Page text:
The Bayernhof Museum is housed in the 19,000 square foot home of the late Charles B. Brown III. Brown’s home features his collection of music boxes and automatic musical instruments, including the “monkey” organ, carousel organs, a small roll-played toy saxophone, the Seeburg Pipe Organ Orchestra, the Wurlitzer Style A Automatic Harp, the Encore Automatic banjo, 3 reproducing vacuums, bird boxes, a phonograph, and a multi-phone.
Charles B. Brown III was the founder and CEO of Gas Lite manufacturing
until his death in 1999. He developed a
passion for antique, automatic musical instruments and amassed an extensive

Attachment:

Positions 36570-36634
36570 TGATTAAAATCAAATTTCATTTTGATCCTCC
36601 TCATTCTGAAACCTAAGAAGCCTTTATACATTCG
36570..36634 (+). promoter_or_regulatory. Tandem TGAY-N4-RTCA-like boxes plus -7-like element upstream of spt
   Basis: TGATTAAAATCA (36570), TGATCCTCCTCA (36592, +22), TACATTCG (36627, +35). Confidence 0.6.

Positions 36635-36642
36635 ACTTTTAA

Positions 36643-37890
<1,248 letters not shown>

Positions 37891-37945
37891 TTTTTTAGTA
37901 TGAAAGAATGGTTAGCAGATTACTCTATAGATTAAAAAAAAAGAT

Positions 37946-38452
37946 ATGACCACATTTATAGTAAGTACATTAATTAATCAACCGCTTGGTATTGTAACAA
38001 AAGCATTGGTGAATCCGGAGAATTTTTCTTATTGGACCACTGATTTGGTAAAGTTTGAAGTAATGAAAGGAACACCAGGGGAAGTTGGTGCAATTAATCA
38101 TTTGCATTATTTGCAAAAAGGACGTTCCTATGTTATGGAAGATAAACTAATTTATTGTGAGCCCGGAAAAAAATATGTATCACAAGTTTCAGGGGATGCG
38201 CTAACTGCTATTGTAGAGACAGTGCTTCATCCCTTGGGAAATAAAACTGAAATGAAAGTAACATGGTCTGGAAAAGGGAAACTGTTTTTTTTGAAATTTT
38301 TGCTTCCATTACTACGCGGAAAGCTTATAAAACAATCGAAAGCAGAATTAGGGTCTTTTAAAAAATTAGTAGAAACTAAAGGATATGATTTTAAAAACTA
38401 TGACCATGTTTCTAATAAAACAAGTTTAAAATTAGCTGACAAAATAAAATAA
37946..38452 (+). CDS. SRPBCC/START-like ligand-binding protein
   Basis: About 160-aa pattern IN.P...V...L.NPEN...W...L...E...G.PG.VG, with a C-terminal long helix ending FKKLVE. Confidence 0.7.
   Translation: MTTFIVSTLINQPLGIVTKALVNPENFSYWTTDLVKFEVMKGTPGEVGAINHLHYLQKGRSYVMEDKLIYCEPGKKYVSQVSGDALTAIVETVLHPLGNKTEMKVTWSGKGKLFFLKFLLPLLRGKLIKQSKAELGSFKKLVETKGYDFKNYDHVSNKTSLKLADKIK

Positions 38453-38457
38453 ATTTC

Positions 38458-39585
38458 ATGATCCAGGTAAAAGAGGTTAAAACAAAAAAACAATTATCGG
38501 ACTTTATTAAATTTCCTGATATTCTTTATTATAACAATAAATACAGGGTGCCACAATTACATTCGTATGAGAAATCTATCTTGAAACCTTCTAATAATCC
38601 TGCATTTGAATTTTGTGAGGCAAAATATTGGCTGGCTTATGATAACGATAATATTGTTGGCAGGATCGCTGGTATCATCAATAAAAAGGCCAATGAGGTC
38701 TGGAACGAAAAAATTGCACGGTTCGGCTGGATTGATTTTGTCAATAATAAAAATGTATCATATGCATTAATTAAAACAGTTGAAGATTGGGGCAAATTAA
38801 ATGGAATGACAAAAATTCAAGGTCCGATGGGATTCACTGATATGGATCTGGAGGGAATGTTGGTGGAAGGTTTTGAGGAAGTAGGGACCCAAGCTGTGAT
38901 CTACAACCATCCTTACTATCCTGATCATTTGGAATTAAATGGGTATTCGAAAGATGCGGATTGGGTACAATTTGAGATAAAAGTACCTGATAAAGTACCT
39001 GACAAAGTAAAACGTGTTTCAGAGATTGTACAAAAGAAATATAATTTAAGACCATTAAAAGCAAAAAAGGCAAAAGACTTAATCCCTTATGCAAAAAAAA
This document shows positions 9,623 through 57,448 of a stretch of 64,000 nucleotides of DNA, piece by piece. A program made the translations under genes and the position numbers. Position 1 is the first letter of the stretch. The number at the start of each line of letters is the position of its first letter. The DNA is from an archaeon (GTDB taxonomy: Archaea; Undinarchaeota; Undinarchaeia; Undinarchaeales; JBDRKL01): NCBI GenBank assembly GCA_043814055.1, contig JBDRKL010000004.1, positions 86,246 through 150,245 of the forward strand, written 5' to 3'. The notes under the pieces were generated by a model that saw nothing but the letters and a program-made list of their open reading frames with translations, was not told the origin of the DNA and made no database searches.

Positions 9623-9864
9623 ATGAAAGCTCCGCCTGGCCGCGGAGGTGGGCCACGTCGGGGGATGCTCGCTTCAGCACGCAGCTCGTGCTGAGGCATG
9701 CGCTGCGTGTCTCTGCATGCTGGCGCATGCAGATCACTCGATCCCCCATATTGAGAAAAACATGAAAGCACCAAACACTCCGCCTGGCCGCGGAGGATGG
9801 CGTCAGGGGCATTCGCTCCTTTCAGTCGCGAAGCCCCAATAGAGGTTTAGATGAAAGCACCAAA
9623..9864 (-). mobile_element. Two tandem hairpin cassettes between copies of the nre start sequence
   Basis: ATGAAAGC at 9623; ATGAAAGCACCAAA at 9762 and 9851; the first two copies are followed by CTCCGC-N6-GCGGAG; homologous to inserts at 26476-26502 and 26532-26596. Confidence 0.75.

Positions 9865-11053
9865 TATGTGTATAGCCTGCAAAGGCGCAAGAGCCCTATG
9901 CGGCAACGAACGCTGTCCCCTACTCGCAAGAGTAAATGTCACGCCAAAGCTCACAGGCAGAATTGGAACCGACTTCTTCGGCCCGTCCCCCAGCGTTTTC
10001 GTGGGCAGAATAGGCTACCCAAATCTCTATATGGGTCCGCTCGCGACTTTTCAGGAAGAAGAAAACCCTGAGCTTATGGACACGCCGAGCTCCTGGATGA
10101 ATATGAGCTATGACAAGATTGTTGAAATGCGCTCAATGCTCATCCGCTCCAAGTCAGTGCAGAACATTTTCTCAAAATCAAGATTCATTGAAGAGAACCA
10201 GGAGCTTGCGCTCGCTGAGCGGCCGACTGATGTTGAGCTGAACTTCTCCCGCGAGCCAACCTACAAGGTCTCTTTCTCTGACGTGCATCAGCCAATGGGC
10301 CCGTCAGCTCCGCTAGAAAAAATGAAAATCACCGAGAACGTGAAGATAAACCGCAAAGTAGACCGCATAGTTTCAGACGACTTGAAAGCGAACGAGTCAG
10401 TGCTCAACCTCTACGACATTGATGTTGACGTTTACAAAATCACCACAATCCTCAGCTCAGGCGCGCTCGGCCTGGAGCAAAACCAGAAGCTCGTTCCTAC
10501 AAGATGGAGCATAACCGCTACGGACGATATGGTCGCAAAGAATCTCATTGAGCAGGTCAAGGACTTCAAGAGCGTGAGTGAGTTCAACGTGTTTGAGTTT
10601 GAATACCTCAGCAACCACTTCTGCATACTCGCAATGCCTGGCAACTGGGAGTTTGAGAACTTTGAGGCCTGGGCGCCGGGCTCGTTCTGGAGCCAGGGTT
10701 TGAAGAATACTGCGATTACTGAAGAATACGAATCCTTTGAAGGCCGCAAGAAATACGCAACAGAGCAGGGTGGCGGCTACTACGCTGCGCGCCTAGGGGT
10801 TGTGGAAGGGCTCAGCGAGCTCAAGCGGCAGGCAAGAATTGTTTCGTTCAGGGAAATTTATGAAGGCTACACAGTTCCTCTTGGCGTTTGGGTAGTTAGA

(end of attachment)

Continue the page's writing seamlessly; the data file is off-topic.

collection that he wanted to share with others, requesting that the collection
be displayed in his home. As a result,
visitors get to see Brown’s collection, which is featured in all the rooms of
the home, and a beautiful, unique home that is laced with hidden doors and
Construction on the German-style Bayernhof began in 1976 and wasn't finished until 1982. It sits on an 18-acre site that provides picturesque views of the Allegheny River and first opened as a museum in 2004. This unique, or eccentric mansion includes a rooftop observatory complete with its own retractable roof, 10 fireplaces, 8 full baths, 21 wet bars (to include one in each bedroom), and a fully restored copper still.
However, the mansion's most unique, or eccentric feature are its secret passages. One is hidden behind a mirror in one of the bathrooms, while another, known as The Cave (I'm Batman) includes a faux cave complete with faux stalagmites and stalactites, and small waterfalls and pools. It runs from the mansion's lower level and takes one to the indoor pool/grotto area that features a 10-foot waterfall.